Are Credit Cards a Trap?

Are Credit Cards a Trap?

Much of my view towards money and spending came from watching my parents. I think this is pretty common.  We learn good or bad habits and then we either follow in their footsteps or do the exact opposite.  It is a common theme with kids and parents.

So, while I didn’t end up totally following my parent’s good examples, I still credit a lot of the good habits that I have to them.  (Not saying all my habits are good, but some are.)  Of course there is also the fact that I married young, while still in college, and so some ways of spending came from my husband and his history as well.

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One message I received from my parents loud and clear — NEVER carry a balance on a credit card.  Luckily I didn’t get one when I started out in college, I bounced a couple of checks those first few years and that was a good lesson to learn about managing my money.  So it wasn’t until after we got married that I figured we should get a credit card — in case of an emergency on a road trip — or to rent a car.

We got a card with a small annual fee since we didn’t have much credit history but it had a little cash-back incentive also.  At first we only used it a little bit each month to keep it active and build up credit.  But after a while we started using it for almost everything, especially gas and groceries, so that we were at least getting the cash back, and always paid it off every month.

A little over a year into our marriage we needed to buy a vehicle that we could fit a car seat in, ha!  We traded in our pickup for a (very used) mini van and rather than take out a loan we put the balance on our credit card.  Why?  Well it was less than our credit limit and we knew that we could pay it off within three months.  So Yes, we did pay some interest that time but it was a lot easier than getting a car loan for just a few months and we knew exactly when we would be able to pay it off.  I think we may have done something similar 2-3 more times over that last 20 years but other than that we have never had any credit card debt.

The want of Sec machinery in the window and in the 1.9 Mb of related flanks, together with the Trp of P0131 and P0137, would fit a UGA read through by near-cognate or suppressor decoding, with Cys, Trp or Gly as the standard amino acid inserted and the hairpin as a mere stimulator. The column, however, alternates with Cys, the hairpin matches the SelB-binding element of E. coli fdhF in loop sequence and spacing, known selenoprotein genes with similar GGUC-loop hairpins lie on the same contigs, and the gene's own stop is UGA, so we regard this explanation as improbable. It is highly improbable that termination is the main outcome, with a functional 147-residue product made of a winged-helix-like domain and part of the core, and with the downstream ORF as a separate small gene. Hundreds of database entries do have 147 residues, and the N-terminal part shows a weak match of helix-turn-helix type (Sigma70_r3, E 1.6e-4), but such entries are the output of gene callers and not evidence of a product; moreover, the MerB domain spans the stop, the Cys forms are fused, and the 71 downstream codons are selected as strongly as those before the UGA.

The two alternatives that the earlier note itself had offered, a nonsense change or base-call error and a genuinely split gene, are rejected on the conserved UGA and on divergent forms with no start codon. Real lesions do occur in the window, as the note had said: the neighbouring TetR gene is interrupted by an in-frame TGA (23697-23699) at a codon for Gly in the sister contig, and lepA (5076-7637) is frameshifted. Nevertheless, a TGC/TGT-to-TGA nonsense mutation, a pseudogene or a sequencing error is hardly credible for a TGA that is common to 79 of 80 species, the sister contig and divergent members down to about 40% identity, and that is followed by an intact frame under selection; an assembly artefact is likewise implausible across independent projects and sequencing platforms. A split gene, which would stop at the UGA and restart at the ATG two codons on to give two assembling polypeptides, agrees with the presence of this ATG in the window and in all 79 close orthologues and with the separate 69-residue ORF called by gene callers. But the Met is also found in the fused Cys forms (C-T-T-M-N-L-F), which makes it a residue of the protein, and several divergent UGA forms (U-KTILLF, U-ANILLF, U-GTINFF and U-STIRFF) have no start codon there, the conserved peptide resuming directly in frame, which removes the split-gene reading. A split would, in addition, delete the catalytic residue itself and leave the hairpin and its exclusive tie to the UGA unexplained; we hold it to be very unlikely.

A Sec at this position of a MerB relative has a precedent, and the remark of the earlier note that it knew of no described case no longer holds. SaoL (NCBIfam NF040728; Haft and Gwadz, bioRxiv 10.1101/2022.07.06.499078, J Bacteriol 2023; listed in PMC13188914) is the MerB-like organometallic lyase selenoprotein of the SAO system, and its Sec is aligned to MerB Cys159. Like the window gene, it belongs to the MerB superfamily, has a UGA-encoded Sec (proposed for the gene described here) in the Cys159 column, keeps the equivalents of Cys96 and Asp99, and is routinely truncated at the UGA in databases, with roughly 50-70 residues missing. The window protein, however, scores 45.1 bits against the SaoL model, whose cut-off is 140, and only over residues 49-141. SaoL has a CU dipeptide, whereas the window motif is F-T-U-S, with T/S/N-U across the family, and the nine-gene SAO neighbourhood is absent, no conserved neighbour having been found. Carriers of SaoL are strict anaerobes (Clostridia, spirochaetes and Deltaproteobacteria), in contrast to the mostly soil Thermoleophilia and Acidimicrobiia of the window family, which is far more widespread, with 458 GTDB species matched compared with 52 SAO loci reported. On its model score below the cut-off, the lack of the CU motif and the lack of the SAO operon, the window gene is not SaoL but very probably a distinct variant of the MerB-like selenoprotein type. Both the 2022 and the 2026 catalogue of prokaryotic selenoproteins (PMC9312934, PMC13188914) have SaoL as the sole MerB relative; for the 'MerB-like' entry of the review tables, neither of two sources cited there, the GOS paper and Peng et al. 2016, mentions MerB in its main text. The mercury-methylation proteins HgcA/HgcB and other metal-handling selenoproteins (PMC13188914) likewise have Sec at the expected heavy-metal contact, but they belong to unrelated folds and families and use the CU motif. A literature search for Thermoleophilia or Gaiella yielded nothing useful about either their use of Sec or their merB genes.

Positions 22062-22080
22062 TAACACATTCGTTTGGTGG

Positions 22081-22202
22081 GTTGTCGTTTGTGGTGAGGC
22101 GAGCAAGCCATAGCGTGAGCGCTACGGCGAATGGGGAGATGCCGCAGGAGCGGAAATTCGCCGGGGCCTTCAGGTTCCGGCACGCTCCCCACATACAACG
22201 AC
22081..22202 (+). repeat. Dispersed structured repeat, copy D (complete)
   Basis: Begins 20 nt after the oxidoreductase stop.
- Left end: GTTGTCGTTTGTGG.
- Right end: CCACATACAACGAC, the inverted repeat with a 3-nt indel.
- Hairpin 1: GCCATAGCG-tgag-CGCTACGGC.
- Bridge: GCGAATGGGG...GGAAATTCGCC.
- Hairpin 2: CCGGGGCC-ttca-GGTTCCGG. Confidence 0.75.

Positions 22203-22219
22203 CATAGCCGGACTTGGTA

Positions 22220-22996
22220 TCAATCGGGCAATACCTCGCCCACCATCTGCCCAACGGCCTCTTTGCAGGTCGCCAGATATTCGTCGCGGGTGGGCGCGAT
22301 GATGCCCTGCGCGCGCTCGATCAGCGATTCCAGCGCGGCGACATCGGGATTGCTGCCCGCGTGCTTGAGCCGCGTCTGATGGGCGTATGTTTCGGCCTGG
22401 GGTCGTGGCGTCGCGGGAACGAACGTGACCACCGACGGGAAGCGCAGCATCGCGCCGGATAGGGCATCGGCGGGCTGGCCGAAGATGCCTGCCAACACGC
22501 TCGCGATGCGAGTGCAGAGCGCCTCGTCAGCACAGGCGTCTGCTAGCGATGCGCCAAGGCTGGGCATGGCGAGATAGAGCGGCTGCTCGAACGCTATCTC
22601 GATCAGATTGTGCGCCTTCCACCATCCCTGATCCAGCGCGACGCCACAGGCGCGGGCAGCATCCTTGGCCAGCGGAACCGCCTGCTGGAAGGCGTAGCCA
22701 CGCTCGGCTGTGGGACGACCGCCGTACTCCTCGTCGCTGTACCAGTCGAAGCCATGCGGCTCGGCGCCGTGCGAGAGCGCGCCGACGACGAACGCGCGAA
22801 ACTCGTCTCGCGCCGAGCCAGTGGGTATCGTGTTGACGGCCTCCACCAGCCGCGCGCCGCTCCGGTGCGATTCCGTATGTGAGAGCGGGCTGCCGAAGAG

Now, don’t let this story fool you, we have not made perfect decisions over the years by any means.  There was a bankruptcy thanks to the real estate crash, but that’s a story for another day.

In the months when money was tight I was much more careful not to use the credit card and I would just stick to using a debit card.  It’s always better to lose out on a few dollars of cash back than end up paying much more in interest.  Usually my cards have had interest rates that were quite high, but that never concerned me since I would almost never end up paying them.

What exactly did I learn from my parents?  Credit cards are tools to be used appropriately.  They are a dangerous tool much like a chain saw, in the right hands it does the intended work without injury, but if in the wrong hands….  credit cards are great for helping to improve your credit score, to be used in case of an emergency, and to get rewards like airline miles or cash back.  But without a clear plan on how to use them, well we have all heard the stories of how that can end.  So yes, they can be a trap, but if you know what you are doing you can actually make money off of them instead.

How about you?  What did you learn from your parents about money and credit?  Did you end up following their example (good or bad) or going the opposite way?

4 thoughts on “Are Credit Cards a Trap?

  1. Working retail, I am seeing the other side. We are pushed hard to open credit cards for customers, and given rewards for doing so. Customers using their store credit card receive a lot more savings than if they pay a different way. The bottom line is, the store makes a lot more money in interest when customers use their store card, so they offer lots of incentives.

  2. My parents hardly used their credit card and mainly used checks. It wasn’t until later in life that I learned about cash back and the advantages and hidden benefits of using credit cards. Who knew that they extend warranties 🙂

    Great summary and I enjoyed reading it 🙂

    • Sounds like your parents were a good example of paying with cash.

      I usually forget about the advantages and warranties myself, ha.

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